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Sam Hall Kaplan

Contemporary Craftsman Style in Pasadena

June 06, 1987|SAM HALL KAPLAN | Kaplan also appears in The Times' Real Estate section.

"I seek till I find what is truly useful, then I try to make it beautiful," was how architect Charles Greene once described his design process.

It was Greene's contention that good design involved good craftsmanship, and that it should envelop the user as a total experience and not simply be applied as ornamentation.

With his brother, Henry, the Greenes in the halcyon decade at the beginning of the 1900s were the premier practitioners in Los Angeles of the so-called Arts and Crafts Movement.

Begun in England, the movement--in its designs of homes and furnishings--called for a sensitivity to the local culture and environment and a dedication to the revival of handicraft.

With the movement as their guide, the Greene brothers took the popular Bungalow style then flourishing in California and enlarged and exquisitely detailed it with sculpted wood to produce a number of distinguished homes, most of them in the Pasadena area. The resulting post-and-beam style was labeled the Craftsman.

Among the many houses the Greenes designed, built and furnished was one for David Gamble (of Procter & Gamble wealth) in the fashionable Upper Arroyo Seco neighborhood. (The house, at 4 Westmoreland Place, parallel to Orange Grove Boulevard near Walnut Street, is open to the public. For times and details please call (818) 793-3334 or (213) 681-6427.)

A local, state and national landmark, the Gamble House--under the care of the University of Southern California, the City of Pasadena and an active docent council--is considered one of the best-preserved examples of the Craftsman style in the country. It also has been described as the "ultimate California bungalow."

With this proudly in mind, the overseers of the house, with the aid of USC, have established an award, the Gamble House Master Craftsman Award, "to acknowledge contemporary artisans whose body of work in all areas of the arts represents the basic principles of the Arts and Crafts Movement--the union of client, design, materials and craft."

The initial winners of the award are architects Conrad Buff III and Donald Hensman, principals of the architecture firm of Buff and Hensman. Based in Pasadena, the firm for three decades has produced a wide range of excellent designs for buildings, landscapes, interiors and furnishings.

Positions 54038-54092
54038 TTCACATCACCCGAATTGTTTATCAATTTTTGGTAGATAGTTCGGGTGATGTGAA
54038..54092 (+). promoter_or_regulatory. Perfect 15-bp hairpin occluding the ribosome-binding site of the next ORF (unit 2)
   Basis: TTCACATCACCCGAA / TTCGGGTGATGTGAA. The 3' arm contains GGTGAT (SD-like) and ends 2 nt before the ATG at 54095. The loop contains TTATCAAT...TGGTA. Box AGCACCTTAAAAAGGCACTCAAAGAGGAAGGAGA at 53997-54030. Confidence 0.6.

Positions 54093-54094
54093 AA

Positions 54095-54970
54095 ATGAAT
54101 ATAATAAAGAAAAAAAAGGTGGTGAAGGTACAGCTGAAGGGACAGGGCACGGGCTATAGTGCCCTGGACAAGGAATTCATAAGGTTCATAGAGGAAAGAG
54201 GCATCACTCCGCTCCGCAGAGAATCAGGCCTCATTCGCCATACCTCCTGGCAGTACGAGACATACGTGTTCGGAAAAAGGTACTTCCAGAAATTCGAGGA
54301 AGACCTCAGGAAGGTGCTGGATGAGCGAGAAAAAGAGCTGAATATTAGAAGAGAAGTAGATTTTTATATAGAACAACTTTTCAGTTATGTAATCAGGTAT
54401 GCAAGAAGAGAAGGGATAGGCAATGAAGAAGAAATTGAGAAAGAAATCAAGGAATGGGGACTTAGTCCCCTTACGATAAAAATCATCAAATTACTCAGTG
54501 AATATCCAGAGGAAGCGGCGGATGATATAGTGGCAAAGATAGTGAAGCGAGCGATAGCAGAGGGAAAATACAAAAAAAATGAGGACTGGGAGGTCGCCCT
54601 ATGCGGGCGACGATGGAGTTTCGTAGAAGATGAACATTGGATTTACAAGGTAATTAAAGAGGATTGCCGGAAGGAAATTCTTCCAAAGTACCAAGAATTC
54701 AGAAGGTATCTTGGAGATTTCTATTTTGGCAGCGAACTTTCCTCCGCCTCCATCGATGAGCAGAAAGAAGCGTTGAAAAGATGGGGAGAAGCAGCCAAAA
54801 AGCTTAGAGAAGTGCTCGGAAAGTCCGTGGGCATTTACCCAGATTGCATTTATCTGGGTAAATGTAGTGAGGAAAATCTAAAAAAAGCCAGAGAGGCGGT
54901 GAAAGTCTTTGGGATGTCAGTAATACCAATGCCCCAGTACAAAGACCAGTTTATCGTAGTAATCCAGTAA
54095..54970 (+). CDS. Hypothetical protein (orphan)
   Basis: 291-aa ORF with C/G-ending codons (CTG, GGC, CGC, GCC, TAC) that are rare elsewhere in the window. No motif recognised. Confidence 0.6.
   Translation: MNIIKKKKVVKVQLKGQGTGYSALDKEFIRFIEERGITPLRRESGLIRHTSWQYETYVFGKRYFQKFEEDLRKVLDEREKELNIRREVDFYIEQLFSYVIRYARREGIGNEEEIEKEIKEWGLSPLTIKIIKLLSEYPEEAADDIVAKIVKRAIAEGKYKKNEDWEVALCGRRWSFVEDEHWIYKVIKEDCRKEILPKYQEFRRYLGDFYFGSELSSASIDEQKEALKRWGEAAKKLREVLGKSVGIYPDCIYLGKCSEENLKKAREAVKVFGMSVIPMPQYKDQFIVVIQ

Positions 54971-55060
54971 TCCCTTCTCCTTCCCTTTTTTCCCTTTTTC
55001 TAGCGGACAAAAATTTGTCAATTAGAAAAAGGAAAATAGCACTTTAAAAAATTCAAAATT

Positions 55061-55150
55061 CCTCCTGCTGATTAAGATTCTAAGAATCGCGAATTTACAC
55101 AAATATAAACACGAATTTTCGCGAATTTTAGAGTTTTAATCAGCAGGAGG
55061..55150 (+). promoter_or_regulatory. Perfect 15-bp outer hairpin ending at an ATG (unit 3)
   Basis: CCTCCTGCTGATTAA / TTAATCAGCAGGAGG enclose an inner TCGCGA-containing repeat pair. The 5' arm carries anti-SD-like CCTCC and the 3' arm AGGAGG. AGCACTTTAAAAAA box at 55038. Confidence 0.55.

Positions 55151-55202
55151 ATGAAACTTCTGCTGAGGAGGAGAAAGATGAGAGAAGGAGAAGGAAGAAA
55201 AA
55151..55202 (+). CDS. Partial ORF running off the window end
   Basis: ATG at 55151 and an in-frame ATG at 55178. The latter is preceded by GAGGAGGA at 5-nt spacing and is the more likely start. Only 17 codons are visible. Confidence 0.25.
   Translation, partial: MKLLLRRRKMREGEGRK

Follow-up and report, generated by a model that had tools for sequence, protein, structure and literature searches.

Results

To celebrate the award, the Gamble House will be conducting tours today and Sunday of select homes in the Pasadena area designed by Buff and Hensman. Tickets, available for $10 each at the Gamble House and the other residences, will entitle visitors to tour any or all of the homes between 10 a.m. and 4 p.m. either day.

Among the houses on the tour will be a San Marino residence designed in 1959. The large post-and-beam structure, on Canon Drive, was sited so that all the existing trees on the lot would be saved while the building itself was oriented to take advantage of the views across the canyon to the west.

Also respectfully sited by Buff and Hensman on a wooded lot is the Taylor house at 2256 Villa Heights Road in Altadena. The building, designed in 1962, is distinguished by its clean lines and the subtle use of exposed redwood.

One of Buff and Hensman's more challenging sites was an acre on the edge of the Arroyo Seco just north under the Ventura Freeway and the famed Pasadena bridge. The resulting structure at 60 El Circulo Drive for Richard and Carole King, she the editor of Designers West magazine, is a well-scaled, contemporary concoction, presenting a blank wall to the bridges and an open yet strong facade to the north.

Nearby at 330 S. Arroyo Blvd. is the Schultz house. On an old Pasadena estate marked by a large oak tree, its design is also contemporary, but more informal in its arrangement of spaces, gabled roof and wood shingling.

Quite different was the site for an East California Boulevard house also on the tour. It is in a comfortable Pasadena neighborhood of substantial structures designed in the more traditional revival styles by such architects as Wallace Neff, Reginald Johnson and Myron Hunt. Though the house Buff and Hensman designed is very much in the modern idiom, it is well scaled and landscaped, and neighborly.

The Dunn house at 999 Buckingham Place in Pasadena, will be shown only today. It is an interesting attempt by the architects to provide their clients a contemporary house with a "Spanish Colonial feel," according to a description offered by the tour docents.

Not on the tour, but worth a peek in Pasadena, is Buff and Hensman's designs of two town-house complexes, one at 72 to 108 Grand Ave. and the other at 200 to 236 Arroyo Terrace. Both in their way update and adapt the Craftsman spirit under obvious cost constraints to serve modern styles and needs.

I am sure Greene and Greene would have understood, and applauded the effort.

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